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What the West Indies’ lineup would look like if their rugby league team came back.

The last time the West Indies rugby league team played was in 2004, but if they decide to return to the international scene, the Wahoos could have a strong team.

The Caribbean and West Indies region was represented by the West Indies Rugby League Federation, which was established in 2003.

Due to a lack of funds, the Wahoos pulled out of the 2006 USA World Cup qualification process for the 2008 World Cup.

In 2004, the West Indies participated in only one international rugby league match. At the New River Stadium in London, they defeated South Africa 50-22, with players like Joe Brown, Alex Rowe, and Jamaine Wray proudly representing their heritage.

Following their single international match, the West Indies, like the Great British and Irish national rugby league team, broke up into separate nations.

Consequently, Jamaica became the first Caribbean nation to qualify for the 2021 World Cup. Kids in Jamaica now receive scholarships to play rugby league because of the Reggae Warriors’ meteoric rise.

But just for fun, we’ve decided to examine what a strong West Indies team might look like if their international rugby league team ever returns.

Given that there are approximately 170,000 Jamaican-born people in the UK, Jamaica was expected to have the highest representation in our team, compared to the 25,000 Trinidadians and 10,000 Grenadans.

The strong team that Love Rugby League and He Can Play For have put together for the Wahoos is the result of combining their heritage research. Here’s how the West Indies could line up if their international rugby league team returned:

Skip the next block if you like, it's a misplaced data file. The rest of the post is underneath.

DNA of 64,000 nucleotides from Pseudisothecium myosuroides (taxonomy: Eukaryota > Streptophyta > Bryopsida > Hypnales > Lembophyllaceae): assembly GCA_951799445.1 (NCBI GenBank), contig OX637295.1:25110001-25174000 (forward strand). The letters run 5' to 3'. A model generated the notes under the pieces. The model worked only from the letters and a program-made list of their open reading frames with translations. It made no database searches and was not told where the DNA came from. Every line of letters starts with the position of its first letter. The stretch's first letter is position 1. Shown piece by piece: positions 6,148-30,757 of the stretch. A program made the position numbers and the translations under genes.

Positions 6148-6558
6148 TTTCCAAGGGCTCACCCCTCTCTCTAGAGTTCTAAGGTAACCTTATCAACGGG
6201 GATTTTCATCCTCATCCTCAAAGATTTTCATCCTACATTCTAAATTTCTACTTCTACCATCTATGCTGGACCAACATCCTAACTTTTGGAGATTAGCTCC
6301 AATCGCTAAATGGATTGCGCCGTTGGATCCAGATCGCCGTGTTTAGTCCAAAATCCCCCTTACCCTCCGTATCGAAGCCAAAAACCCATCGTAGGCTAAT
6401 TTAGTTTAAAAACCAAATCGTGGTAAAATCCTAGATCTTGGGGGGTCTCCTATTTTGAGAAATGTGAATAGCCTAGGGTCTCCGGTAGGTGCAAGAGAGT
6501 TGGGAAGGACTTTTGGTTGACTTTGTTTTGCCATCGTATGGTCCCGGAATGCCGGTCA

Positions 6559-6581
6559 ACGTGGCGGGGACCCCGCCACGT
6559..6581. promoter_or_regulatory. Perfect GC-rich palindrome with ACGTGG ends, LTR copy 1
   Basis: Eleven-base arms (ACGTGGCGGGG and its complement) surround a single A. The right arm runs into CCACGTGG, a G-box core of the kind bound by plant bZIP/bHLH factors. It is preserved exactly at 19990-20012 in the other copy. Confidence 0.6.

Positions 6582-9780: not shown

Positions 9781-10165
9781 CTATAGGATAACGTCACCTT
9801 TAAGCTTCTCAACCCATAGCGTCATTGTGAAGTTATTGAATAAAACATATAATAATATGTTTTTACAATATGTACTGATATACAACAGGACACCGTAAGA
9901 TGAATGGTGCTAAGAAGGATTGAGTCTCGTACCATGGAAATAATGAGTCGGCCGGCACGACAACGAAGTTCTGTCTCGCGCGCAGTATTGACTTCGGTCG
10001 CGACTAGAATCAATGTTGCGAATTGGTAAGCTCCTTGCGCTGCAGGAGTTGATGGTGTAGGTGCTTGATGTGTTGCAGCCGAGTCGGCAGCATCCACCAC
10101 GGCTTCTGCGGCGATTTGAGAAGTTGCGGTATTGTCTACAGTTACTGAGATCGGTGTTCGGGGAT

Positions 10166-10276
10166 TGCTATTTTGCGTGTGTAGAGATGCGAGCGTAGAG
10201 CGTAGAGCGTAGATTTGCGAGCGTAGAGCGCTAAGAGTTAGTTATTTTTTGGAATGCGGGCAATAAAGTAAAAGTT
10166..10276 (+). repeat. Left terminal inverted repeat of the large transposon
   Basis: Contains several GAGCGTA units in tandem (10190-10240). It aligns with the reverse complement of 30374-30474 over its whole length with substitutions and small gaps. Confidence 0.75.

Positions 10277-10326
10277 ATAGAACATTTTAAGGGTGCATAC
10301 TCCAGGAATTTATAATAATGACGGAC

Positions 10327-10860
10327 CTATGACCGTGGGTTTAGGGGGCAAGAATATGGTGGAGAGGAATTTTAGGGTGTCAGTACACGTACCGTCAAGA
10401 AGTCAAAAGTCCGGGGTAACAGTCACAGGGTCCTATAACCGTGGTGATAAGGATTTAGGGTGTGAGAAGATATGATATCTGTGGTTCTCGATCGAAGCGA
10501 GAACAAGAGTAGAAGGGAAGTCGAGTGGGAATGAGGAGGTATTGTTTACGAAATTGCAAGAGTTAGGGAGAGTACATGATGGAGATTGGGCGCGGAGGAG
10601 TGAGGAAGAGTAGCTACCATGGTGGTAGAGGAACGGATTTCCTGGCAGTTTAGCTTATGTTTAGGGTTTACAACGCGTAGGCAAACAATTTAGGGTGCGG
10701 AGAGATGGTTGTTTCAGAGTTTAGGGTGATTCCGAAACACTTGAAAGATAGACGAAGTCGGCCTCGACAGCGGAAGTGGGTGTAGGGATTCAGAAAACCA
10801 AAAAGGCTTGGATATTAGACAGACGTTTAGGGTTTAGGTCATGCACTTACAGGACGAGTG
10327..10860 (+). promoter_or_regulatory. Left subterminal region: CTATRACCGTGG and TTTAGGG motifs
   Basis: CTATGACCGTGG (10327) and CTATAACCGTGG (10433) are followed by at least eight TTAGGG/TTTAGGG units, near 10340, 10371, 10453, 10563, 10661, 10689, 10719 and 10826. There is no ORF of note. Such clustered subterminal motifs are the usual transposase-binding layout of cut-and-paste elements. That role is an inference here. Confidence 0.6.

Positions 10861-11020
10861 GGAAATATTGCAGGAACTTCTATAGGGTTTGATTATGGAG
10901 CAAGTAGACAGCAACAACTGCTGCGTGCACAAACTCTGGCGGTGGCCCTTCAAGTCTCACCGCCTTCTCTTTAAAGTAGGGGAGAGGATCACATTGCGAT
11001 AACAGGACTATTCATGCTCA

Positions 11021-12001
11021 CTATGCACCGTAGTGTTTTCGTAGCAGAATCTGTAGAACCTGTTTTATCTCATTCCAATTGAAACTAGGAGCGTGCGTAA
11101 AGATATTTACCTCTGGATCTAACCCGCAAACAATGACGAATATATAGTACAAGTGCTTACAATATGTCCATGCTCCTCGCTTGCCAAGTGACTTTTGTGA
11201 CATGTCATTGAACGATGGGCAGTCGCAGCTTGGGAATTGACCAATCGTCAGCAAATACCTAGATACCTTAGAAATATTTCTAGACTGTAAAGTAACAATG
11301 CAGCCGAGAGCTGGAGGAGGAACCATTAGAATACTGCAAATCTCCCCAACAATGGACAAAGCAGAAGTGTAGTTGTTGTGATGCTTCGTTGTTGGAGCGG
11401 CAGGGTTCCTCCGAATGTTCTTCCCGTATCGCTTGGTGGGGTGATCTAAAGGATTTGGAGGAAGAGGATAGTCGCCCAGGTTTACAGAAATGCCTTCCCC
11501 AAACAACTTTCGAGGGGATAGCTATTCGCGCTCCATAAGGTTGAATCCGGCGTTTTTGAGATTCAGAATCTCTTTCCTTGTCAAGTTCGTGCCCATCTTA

Through his grandfather, Connor, who was born in Halifax, would be eligible to play for Trinidad.

Last year, the full-back from Huddersfield represented his Trinidadian heritage at the Combined Nations All Stars. When asked about playing for the All Stars, Connor told Hull Live: The most important thing is that I can represent the Trinidadian heritage of my family. It’s probably the only opportunity I’ll get to represent them, so I just thought I’d do it because my grandad is from there and my family has that heritage.

Before retiring from international duty last year, the Huddersfield legend excelled on the international stage for England, winning 17 caps for England and four for Great Britain. Through his grandparents, with whom he shared a home as a child, he is of Grenadian descent.

Cudjoe, like McGillvary, is a legend for Huddersfield. Between 2010 and 2013, he earned ten England caps.

Cudjoe’s ancestry comes from the Grenada-owned island of Carriacou. He has expressed his desire for a West Indies team in the past.

In a 2020 interview with The Sun, Cudjoe stated: It’s a huge accomplishment that Jamaica qualified for the World Cup, and I’ll cheer them on from afar. However, it’s unfortunate that we don’t have a West Indies team because that would expand the pool of players who could participate.

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